The yearly CLIC collaboration meeting took place at CERN on 3-7 February 2014. A record participation of more than 300 scientists/students from the more than 70 collaborating institutes set the scene for a very busy and lively week. After completing the Conceptual Design Report (CDR) in 2012, and the European Strategy update in 2013, the discussions and presentations were refreshingly focused on the physics, technologies and scientific challenges for the next phase of the project.
The week started with an open plenary session on Monday 3 February afternoon giving an overview of the CLIC project – accelerator, physics/detectors, placed in the context of other studies for machines at the energy frontier. In addition to the CLIC option, a hadron machine in a large new tunnel, the Future Circular Collider (FCC), was highlighted as another possibility for a post-LHC high-energy frontier facility. The co-operation and common studies between CLIC and FCC are being developed and will be a priority in the coming years. The technical project developments will take place in parallel with LHC running at higher energies, hopefully providing guidance to the studies of future machine options.
The parallel sessions Tuesday 4 and Wednesday 5 February were the core of the workshop. One major goal of the workshop was to encourage presentations by young researchers and students and with around 150 presentations, most of them during the parallel sessions, this goals was achieved. The accelerator parallel sessions covered parameters and design, X-band activities, system tests – among them CTF3, FACET and ATF, implementation studies and technical developments – for example related to power/energy reduction, high-efficiency radiofrequency power systems, instrumentation studies and the newly initiated EU project PACMAN (Particle Accelerator Components Metrology and Alignment to the Nanometre scale). During the same days, the CLIC detector and physics community arranged their parallel sessions providing an overview of the current activities and future plans in these areas. An Institute Board meeting on Wednesday during lunchtime and a wrap up session in the afternoon completed the physics and detector sessions.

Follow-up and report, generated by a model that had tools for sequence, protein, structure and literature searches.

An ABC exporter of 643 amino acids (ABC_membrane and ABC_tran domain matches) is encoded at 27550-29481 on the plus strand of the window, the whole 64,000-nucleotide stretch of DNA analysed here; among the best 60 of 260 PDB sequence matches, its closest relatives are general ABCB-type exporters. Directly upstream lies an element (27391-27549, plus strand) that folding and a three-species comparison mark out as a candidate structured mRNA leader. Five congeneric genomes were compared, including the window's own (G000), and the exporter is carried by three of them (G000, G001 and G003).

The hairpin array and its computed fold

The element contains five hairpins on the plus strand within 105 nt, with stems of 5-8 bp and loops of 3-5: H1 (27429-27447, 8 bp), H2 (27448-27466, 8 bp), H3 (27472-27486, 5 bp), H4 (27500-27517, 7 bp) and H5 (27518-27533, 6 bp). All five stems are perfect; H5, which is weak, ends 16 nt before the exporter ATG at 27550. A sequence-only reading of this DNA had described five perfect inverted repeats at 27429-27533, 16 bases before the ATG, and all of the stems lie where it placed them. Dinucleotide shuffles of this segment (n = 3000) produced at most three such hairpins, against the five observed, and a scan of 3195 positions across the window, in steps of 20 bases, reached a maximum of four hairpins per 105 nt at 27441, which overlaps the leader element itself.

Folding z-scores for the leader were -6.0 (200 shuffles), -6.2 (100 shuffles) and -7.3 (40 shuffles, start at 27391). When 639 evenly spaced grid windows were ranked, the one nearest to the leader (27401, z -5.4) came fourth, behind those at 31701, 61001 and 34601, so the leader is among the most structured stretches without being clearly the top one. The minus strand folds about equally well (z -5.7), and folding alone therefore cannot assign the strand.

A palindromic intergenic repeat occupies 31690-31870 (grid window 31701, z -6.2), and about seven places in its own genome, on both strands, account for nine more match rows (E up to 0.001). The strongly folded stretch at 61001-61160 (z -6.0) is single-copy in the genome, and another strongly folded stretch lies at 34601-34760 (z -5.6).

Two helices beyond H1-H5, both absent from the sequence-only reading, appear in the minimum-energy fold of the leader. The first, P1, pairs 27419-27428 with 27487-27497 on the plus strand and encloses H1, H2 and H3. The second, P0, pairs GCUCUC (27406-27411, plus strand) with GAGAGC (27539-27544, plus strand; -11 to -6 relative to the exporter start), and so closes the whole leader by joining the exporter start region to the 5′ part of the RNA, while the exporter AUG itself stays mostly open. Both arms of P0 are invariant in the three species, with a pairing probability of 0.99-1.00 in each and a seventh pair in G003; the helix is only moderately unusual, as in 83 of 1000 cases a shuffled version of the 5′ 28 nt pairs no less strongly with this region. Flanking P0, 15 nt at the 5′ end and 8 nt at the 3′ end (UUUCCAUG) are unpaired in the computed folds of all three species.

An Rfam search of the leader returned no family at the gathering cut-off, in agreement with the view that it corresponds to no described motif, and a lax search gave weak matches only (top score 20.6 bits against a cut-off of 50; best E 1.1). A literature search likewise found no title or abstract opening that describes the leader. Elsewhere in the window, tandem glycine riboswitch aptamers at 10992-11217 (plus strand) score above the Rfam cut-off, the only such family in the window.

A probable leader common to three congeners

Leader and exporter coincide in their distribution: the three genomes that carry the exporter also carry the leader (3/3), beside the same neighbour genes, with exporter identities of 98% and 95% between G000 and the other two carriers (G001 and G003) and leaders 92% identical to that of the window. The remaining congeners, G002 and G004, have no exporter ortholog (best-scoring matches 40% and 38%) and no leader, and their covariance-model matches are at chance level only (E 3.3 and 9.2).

A special session on 6 February covered high-gradient normal-conducting accelerators for industrial and medical applications as well as XFELs (free electron lasers), using CLIC and other high-gradient technology developments. At this point in time, several of the key CLIC technologies have reached a level of maturity where applications in other areas than particle physics can be considered and open new possibilities. With this in mind, the CLIC collaboration invited laboratories, projects and industries with interests in these topics, including other frequency structures and power units, to an open “high gradient day”. Most of these laboratories and industrial suppliers are already involved in the CLIC study. The programme covered FEL-related projects and technologies, focusing on opportunities linked to high-gradient systems, followed by sessions on medical and industrial applications of high-gradient systems. In the afternoon there was a parallel session on low emittance rings, with emphasis on collaboration, technical developments and performance tests in and for light-sources and damping rings.
A plenary session on 7 February morning focused on system tests of key CLIC challenges, also with the aim of defining the future system test plans and opportunities that would be needed beyond CTF3 (the CLIC Test Facility) before construction. This included common studies with light-source and FEL laboratories, as well as several other accelerator test-facilities (as for example FACET at SLAC, US or ATF at KEK, Japan).
A Collaboration Board afternoon provided the opportunity to summarise the 2013 achievements and review the goals for 2014. Among the most clear goals are to complete re-baselining of a staged implementation taking into account the Higgs energy scale and improved power/cost models and to increase the X-band test capacity further providing the key to faster evaluation of accelerating structures and design optimisation steps. The CTF3 programme remains a key part of the collaborative efforts, and other experimental studies and programmes in conjunction with test-facilities and light source laboratories are high priority as mentioned above. Detector and physics studies towards energy-frontier physics and common reference studies with FCC where possible will be emphasised. On the organisational side, Phil Burrows was elected spokesperson for the accelerator collaboration for the next three years, replacing Roberto Corsini who had completed his term and was warmly thanked by the Collaboration Board.